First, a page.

Hyperparticle Recursion is Recursive

How changing ‘localhost’ to ‘’ sped up my test suite by 18x


I would like to share a (somewhat recent) anecdote on how a one-line code change improved my understanding of software engineering; it’s an experience in my life that has had a profound effect on my work ethic ever since.

If you want to skip the story, the simple explanation is in the last section.


So it is 2015. I’m a CS student fresh out of sophomore year, getting ready to jump into the second half of my degree. At that time I had just learned how to construct a B-tree, built my own recursive descent parser, and finished a software security research project. Having seen how quickly my peers were getting programming jobs (with just under 2 years of coding experience), I decided it was time for me to find some work too.

Fast forward to the next semester, when I landed myself a software engineering job as a QA intern. We practiced many of the common Agile practices: I attended scrum meetings, completed user stories, and documented defects.

The company had amassed some technical debt in the way of automated testing, as many of the integration tests for their main product required manual intervention. So they hired me with the primary goal to automate as many regression tests in the product’s test suite as possible. Most of the easy ones were already automated, and the harder ones involved actions such as clicking a series of UI buttons where no SDK was implemented, or plugging in a physical piece of hardware to the network and wait for it to modify a webpage.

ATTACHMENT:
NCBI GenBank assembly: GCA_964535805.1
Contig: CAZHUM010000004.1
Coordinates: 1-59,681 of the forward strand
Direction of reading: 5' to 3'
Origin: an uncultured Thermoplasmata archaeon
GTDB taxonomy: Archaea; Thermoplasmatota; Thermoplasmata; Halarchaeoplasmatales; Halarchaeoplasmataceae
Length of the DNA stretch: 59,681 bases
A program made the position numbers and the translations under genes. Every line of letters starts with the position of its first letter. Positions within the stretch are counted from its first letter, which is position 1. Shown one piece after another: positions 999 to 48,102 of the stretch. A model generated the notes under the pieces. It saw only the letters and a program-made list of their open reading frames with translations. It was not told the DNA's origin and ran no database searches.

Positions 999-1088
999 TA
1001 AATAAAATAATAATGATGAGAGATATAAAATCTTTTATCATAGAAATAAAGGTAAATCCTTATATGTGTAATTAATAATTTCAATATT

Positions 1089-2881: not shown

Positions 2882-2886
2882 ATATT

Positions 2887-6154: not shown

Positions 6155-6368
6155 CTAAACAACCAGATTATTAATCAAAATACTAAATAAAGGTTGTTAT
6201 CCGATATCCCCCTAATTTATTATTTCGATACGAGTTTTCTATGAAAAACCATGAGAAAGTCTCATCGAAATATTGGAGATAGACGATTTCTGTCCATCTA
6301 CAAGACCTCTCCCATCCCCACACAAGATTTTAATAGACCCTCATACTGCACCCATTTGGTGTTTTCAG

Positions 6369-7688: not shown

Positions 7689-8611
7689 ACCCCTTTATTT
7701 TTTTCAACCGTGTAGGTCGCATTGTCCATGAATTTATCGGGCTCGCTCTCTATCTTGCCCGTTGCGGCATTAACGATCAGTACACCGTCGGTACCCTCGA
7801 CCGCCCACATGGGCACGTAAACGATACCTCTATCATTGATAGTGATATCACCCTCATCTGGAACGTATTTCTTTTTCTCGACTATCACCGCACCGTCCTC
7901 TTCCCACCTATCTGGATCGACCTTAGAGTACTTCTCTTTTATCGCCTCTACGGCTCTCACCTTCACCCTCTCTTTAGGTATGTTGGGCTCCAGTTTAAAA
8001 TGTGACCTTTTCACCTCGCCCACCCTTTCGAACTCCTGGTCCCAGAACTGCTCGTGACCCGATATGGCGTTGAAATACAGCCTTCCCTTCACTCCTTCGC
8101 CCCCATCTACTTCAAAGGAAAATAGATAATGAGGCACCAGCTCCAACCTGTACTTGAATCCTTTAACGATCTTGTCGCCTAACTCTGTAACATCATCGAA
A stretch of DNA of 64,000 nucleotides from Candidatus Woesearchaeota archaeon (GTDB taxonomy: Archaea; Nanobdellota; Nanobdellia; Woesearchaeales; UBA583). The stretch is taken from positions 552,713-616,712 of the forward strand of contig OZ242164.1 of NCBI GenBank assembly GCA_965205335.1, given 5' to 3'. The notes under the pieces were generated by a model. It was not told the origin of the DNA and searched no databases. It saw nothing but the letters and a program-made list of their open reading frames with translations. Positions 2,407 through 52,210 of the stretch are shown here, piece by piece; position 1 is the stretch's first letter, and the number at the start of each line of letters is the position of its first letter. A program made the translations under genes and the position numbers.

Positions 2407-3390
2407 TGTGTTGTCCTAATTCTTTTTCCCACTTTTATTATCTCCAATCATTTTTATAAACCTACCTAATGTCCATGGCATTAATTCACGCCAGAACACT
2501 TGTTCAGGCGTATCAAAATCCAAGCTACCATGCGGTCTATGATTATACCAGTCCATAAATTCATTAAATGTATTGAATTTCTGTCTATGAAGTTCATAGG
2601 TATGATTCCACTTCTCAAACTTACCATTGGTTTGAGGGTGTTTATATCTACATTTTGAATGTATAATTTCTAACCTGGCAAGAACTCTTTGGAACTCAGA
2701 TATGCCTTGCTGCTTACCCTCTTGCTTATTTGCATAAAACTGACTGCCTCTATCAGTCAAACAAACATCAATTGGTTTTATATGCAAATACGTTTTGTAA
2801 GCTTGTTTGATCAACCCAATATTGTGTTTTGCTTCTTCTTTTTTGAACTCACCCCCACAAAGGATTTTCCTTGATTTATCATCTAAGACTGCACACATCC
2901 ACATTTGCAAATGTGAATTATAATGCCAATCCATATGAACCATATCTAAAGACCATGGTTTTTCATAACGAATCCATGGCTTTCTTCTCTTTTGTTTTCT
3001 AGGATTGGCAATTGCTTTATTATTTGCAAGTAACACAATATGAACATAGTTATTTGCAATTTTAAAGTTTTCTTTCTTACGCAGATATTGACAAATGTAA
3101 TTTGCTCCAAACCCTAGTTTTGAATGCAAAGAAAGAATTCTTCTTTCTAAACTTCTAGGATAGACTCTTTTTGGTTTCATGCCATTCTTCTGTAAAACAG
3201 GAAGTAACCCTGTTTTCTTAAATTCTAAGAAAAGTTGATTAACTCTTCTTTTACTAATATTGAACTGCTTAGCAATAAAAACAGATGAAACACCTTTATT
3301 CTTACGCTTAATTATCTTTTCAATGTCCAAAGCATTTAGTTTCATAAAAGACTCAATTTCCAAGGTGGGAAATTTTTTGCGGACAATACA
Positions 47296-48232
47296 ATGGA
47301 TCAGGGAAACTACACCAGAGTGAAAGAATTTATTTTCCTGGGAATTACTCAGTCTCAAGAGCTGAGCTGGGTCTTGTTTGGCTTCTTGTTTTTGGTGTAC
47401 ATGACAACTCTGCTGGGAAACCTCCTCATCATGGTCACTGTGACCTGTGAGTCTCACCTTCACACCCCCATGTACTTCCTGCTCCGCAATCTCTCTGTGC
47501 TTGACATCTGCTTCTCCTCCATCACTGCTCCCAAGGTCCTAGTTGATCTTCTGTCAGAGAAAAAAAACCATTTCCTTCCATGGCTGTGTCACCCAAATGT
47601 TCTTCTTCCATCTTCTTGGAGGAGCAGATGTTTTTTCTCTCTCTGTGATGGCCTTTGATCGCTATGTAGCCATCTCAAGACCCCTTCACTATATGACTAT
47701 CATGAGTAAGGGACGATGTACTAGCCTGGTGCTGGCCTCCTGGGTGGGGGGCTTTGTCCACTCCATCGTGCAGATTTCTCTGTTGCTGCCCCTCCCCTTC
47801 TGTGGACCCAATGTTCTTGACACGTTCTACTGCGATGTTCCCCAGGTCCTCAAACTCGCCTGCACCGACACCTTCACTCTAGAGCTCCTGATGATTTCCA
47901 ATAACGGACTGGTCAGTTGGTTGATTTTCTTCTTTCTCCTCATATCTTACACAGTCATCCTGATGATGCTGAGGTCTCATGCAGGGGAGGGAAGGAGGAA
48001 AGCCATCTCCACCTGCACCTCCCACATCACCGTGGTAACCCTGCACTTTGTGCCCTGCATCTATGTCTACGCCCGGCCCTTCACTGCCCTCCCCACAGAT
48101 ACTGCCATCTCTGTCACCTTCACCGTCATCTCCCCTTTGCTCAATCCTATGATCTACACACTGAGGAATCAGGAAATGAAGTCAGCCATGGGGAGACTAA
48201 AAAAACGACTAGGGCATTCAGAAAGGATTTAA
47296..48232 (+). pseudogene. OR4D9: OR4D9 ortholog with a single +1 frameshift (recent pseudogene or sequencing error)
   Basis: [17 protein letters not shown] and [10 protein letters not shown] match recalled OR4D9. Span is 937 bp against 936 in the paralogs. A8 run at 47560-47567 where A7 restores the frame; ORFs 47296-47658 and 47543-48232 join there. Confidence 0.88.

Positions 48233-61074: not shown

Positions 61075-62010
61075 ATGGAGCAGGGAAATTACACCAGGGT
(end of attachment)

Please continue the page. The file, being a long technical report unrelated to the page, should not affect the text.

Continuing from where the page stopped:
These integration tests naturally required me to be invested in quite a few disparate components of the entire system. One day I would be executing JavaScript in the browser, the following day I would be sniffing for packets over the network, and the next day I would write SQL queries to check for state changes. In order for me to test any interaction between services, I had to learn the language in which each component talks, from the network protocols to the objects that abstracted these low-level details.

After a couple months of getting blasted with the fire hose, things finally started to click into place. I would come in the office each day, provision a couple VMs, RDP/SSH into them, execute network requests, make some code changes, commit and push them, attend a meeting or two, and then close up shop.

The Issue

At the time, the QA team adopted the Robot Framework to perform all their integration tests. It worked quite well for what it did, as the tests could be written in business language that directly translated to the acceptance tests we tracked in our system. Here’s a taste of what it typically looks like.

Each line is executed in sequence, the indented lines being sub-methods of a single test, performing some kind of action or validation step. We used a Python driver to translate from this high-level language to the code that performs these tests. The Python class might look something like this.